Diplomacy trumps labour law for pregnant secretary

About 18 months after Sally began working full time for an employer as a secretary, she gave birth. A few days later she got a Record of Employment in the mail indicating that she was off for a maternity but that she would not be returning because she had been replaced.
 
Sounds like a hands down case, right? Clearly, Sally’s right to be free from discrimination on the basis of her gender and family status pursuant to the Ontario Human Rights Code had been violated. Well, usually you would think so.
 
Sally, however, had the unfortunate luck of being employed by a consulate in Toronto for a foreign country. The State Immunity Act indicates, in part, that a foreign state is immune from jurisdiction of any court in Canada. There is an exception for commercial activity.
 
The State Immunity Act evolved out of hundreds of years of court decisions which recognized that sovereign nations relate to one another as independent equals who do not submit to one another’s laws since that might embarrass or offend the dignity of the sovereign nation. Kings and queens don’t bow to other kings and queens. For hundreds of years the wheels of diplomacy and cooperation have been greased and facilitated by this concept. King Jack is not going to see King Bob in his country to talk about a peace treaty if King Bob is going to try to have King Jack arrested under some trumped up law. If Canada wants foreign countries to set up embassies and consulates here to facilitate communication and grease the wheels of diplomacy and economics, we are not allowed to stick our nose into how they run those consulates and the reasons for the decisions they make.
 
18 years ago the Supreme Court of Canada decided that civilian personnel at an American military base in Canada could not unionize since that would ultimately relate to the management and operations of a foreign state’s military base. The Supreme Court did recognize that an employment contract, whether in writing or verbal, is a commercial contract and activity and the employees could sue for unpaid wages. So, employees can sue a consulate for unpaid wages but cannot have the right to collective bargaining and the right to strike? But whether or not one pays employees their wages is also a matter of the management and operation of the base.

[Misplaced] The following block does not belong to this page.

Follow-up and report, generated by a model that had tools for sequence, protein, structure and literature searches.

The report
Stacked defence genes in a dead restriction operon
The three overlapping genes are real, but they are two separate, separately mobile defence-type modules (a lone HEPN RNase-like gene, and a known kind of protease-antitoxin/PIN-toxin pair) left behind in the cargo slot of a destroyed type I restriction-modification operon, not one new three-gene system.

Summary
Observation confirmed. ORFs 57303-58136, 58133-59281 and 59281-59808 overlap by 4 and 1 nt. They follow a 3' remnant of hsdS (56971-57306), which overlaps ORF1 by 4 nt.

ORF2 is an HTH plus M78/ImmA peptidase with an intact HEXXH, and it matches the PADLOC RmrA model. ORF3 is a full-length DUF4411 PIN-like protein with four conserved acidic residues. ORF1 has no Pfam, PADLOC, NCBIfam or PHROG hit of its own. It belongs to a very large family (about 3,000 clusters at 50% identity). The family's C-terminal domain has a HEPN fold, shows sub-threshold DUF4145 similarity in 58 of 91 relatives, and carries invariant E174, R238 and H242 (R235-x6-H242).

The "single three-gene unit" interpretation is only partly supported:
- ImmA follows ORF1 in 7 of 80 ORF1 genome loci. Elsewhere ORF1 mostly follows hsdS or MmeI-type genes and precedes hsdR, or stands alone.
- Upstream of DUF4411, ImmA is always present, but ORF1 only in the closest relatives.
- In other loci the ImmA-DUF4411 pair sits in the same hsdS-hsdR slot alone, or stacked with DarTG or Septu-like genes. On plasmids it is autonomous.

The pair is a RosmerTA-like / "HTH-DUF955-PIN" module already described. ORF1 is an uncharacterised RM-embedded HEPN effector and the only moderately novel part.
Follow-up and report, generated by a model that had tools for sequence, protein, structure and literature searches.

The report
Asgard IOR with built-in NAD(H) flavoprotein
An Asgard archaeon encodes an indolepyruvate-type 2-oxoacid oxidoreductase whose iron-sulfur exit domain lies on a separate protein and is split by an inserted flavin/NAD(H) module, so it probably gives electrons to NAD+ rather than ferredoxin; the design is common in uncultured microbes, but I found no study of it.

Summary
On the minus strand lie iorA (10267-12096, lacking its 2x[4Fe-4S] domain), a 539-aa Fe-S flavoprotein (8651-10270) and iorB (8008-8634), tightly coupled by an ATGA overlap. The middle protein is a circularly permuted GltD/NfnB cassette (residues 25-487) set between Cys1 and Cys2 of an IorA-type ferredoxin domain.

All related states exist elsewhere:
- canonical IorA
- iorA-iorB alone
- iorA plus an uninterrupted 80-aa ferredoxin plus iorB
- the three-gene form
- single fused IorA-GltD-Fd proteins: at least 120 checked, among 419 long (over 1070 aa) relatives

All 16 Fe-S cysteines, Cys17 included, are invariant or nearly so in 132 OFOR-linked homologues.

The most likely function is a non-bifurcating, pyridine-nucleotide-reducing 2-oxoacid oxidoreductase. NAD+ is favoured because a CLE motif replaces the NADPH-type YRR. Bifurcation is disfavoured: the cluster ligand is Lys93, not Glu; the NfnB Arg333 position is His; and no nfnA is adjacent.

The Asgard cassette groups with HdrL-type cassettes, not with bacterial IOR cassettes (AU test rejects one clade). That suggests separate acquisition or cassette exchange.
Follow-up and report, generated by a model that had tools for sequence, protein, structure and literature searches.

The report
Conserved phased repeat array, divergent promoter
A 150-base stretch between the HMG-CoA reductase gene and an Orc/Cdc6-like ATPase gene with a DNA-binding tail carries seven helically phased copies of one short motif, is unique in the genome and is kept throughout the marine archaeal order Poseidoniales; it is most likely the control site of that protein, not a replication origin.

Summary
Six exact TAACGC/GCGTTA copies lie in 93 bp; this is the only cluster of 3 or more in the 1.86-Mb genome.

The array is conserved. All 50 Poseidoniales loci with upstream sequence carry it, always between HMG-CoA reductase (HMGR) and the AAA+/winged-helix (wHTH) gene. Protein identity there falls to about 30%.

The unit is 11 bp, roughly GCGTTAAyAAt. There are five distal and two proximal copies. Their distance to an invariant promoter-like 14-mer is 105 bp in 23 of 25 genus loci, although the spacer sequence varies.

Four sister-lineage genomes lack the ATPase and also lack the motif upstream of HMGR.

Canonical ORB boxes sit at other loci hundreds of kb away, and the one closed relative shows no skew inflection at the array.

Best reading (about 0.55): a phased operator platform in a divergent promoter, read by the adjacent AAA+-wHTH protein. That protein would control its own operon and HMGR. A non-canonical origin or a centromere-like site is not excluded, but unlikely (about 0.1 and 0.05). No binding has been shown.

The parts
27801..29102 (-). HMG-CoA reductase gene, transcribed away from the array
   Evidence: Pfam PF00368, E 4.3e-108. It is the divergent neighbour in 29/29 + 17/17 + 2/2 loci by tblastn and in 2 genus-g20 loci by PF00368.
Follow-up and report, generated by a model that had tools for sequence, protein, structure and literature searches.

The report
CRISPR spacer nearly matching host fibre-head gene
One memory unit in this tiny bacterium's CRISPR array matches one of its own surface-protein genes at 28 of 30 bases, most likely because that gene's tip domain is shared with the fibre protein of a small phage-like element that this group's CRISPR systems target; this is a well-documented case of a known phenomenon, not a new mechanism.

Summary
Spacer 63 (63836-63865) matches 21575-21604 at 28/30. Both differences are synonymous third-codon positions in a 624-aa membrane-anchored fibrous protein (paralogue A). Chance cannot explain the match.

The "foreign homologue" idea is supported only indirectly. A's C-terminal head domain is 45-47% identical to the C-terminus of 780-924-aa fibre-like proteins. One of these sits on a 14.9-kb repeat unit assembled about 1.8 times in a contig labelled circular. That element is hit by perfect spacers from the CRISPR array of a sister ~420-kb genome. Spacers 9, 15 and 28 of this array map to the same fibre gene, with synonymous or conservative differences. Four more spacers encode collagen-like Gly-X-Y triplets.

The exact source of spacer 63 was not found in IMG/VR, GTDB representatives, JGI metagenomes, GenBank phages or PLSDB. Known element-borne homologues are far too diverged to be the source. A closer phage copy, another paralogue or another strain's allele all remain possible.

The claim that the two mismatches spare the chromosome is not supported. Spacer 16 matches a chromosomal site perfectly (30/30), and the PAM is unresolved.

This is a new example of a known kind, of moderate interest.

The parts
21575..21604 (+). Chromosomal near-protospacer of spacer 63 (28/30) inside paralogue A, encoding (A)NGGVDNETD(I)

The adjudicator in Sally’s case decided that for Sally’s complaint to go ahead the Ontario Human Rights Tribunal would have to examine the reasons and circumstances of Sally’s departure from her employ as well as the reasons that the consulate hired someone to replace her as soon as she had a baby. As a result, this would constitute an embarrassing interference with that country’s sovereign rights.
 
Sally’s case was thrown out. So now we have a situation where you can clearly sue a consulate for unpaid wages, which is a right you have under the Employment Standards Act, but not pursue a claim for reinstatement after a maternity leave or damages resulting from the termination.
 
If you work for a consulate or embassy you have some rights that other employees in this country have but not all of them. If you want to know which ones you have and which ones you do not, good luck, nobody knows.
 
If you have a disagreement with a consulate over the terms of a commercial contract, you can take them to court. But if you work for them and they want to violate your human rights and ignore the maternity leave re-instatement rights you have under the Employment Standards Act, too bad
 
Unfortunately, Sally was unrepresented. There was no discussion in this decision, and there should have been even if Sally did not have a lawyer, of whether Sally’s rights under the Canadian Charter of Rights and Freedoms had been violated. That is the top law in Canada and it governs all others. Any law that offends it can be struck down. Section 15 says that every individual is equal before and under the law and has the right to equal protection and equal benefit of the law without discrimination and, in particular, without discrimination based on race, national or ethnic origin, colour, religion, sex, age or mental or physical disability. Sexual orientation is deemed to be included in that wording by the courts. Sally was clearly discriminated against based on her sex. Only women can give birth.
 
One of two things needs to happen, somebody like Sally needs to take this issue to a higher court and point out Section 15 of the Charter or the federal government needs to change the State Immunity Act to make it clear that employees of consulates and embassies in Canada have all the same protections as everyone else.
 

Ed Canning is a partner practicing in the Labour & Employment Group at Ross & McBride LLP.

 This article was originally published in the Hamilton Spectator, April 4, 2011
Ed Canning
Ed Canning
P: 905.572.5809
ecanning@rossmcbride.com